President Muhammadu Buhari has urged Nigerians to patronise locally manufactured products as government consolidates efforts to tackle recession.
The President made the call, Monday, while declaring open the 22nd edition of the Economic Summit organised by the Nigerian Economic Summit Group (NESG).
This is just as the President assured that his “greatest desire is that Nigeria moves from import dependence to self-sufficiency in local production and become an export-led economy in goods and services”.
The President, who said he strongly believes that the summit will bring all stakeholders on board to articulate how best the country can stay on course, called on the summit to make useful and realistic recommendations as well as policy initiative and incentives that will enhance the work already being done by this administration.
He also assured that his administration will encourage more local production, improve ease of doing business and environment, transfer of technology and innovation capabilities, improve quality and standards, promote export and change our old attitude and behaviors to made- in-Nigeria products and services.
Minister of Budget and Planning, Senator Udoma Udo Udoma, on his part, assured Nigerians that the present government will implement the Strategic Implementation Plan (SIP) aimed at restructuring Nigeria’s economy onto the path of sustainable growth.
“As you know, the SIP is anchored on the commitment of the administration of President Muhammadu Buhari to create a more diversified, sustainable and inclusive economy that releases the latent potential of the Nigerian people, communities and natural resource endowments across the nation’s federating States. The strategies for achieving these are set out in the SIP,” the minister said.
These, he added, cut across six thematic areas, one of which is to ‘Diversify the Economy by fast- tracking Industrialisation, Agriculture and Agro-Allied Processing, as well as attracting investment into the Solid Minerals, Tourism and Entertainment Sectors’.
According to him, an important mechanism for doing this is by encouraging a ‘Made- in- Nigeria’ philosophy and preference to take root in all our practices.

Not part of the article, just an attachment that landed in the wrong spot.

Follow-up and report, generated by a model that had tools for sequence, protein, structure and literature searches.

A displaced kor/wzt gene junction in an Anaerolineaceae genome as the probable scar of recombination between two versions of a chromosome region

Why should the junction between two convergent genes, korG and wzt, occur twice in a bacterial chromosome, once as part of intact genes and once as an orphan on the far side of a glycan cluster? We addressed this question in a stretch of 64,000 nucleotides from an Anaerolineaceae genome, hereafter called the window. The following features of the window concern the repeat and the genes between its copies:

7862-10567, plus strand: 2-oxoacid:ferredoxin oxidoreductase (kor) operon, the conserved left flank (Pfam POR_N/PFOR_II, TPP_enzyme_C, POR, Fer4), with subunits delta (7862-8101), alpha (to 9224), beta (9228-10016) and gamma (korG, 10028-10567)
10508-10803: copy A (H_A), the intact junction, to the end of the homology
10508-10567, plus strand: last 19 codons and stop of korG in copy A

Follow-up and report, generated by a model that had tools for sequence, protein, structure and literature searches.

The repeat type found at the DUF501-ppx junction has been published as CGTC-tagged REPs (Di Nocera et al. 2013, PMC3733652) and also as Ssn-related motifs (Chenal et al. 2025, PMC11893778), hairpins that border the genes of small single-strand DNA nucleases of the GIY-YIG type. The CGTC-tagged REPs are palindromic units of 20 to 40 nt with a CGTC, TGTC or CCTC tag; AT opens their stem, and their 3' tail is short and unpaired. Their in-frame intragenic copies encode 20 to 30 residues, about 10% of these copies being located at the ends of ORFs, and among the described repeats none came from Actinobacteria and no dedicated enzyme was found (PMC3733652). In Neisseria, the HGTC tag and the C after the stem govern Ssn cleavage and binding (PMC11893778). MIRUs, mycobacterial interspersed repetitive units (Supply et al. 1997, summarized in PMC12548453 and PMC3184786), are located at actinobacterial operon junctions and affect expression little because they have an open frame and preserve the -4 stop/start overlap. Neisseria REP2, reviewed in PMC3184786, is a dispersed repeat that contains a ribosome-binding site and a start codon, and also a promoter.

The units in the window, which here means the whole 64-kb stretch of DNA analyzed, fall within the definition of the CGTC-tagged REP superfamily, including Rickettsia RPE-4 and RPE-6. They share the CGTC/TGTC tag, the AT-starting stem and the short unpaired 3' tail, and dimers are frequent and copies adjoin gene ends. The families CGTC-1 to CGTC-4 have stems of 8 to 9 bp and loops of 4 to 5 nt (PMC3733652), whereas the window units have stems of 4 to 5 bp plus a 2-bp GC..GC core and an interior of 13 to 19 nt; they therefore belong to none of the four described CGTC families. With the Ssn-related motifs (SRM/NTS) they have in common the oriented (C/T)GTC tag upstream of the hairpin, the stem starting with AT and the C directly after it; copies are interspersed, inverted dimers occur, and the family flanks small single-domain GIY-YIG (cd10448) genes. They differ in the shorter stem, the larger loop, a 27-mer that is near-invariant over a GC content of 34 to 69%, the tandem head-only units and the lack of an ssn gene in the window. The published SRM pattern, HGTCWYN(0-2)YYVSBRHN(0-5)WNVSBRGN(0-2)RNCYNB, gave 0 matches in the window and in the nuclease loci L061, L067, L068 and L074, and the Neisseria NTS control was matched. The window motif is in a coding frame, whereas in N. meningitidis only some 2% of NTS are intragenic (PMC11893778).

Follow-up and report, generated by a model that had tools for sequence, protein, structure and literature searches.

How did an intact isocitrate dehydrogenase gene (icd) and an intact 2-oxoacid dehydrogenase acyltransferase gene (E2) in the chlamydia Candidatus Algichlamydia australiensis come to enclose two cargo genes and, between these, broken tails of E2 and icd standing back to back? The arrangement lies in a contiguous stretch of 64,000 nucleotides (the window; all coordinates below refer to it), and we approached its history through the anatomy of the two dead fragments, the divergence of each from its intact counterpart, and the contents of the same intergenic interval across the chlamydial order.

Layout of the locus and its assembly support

Speaking earlier, chairman of the NESG Board Committee of Research and Publication, Dr Adedoyin Salami, had called on the Federal Government to articulate developmental plans and preferences as well as the fiscal and monetary policies to keep the country afloat before the end of 2016.
This is just as Salami frowned at a situation in which Nigeria has an estimated $13 trillion of investors’ money trapped in negative- yielding investments.
He noted that this is happening at a “time when other emerging market countries are beginning to see a sustained and strong recovery in capital flows.”
“Worst still and I draw attention to this very deliberately. As of today, approximately $13 trillion dollars of investor money is invested in assets that at the point of investment you know will produce a negative yield and yet, Nigerian instrument of 20 percent yield and we cannot attract investment. It tells you just how things have changed for us. Three years ago, we seemed to be the toast of the international market.
“So that is capital. What of trade. Now that really is bad news. In 2013, Nigeria had in essence of $90 billion from export revenues. Indeed, the actual figure is $96.7 billion of which $90 billion was from oil with the remaining $6.7 billion from non-oil.”
“This year, we will be lucky if we get to $40 billion partly from shortings but also from lower oil prices and I think it is important at the point of this administration, Mr President, that we have to begin to understand that the dynamics of oil has changed.”
According to Salami, Nigeria’s ease of doing business score has remained very low, despite several promises by previous governments to change the situation for the better.
“For this Summit’s theme to be successful and be translated into and sustained into the Nigerian reality, our economy must come in with certain imperatives. There are at least 3 of them. First, it must be globally competitive and productive.
“Let me re-emphasize that because for me, what made- in- Nigeria speaks to is our ability to create an economy that is productive and globally competitive. But that is not all. It’s got to be inclusive. It’s got to work for all and at the heart of it, it’s got to add value.
“From my understanding of the numbers I have seen. Current economic cum business conditions are far from ideal. However, and we shouldn’t take it that because they are far from ideal therefore, No. Because they are far from ideal, they offer us as a nation an opportunity to revitalize and to re-engineer this economy.”
He also emphasized the need to create and sustain productive economy as well as embark on immediate review policy direction and local content in favour of the local industries and investments.
Salami also underscored the need for Federal Government alongside the 36 States of the Federation and Federal Capital Territory (FCT) to play major in the areas of agriculture and procurement of made- in- Nigeria goods on sustainable manner.
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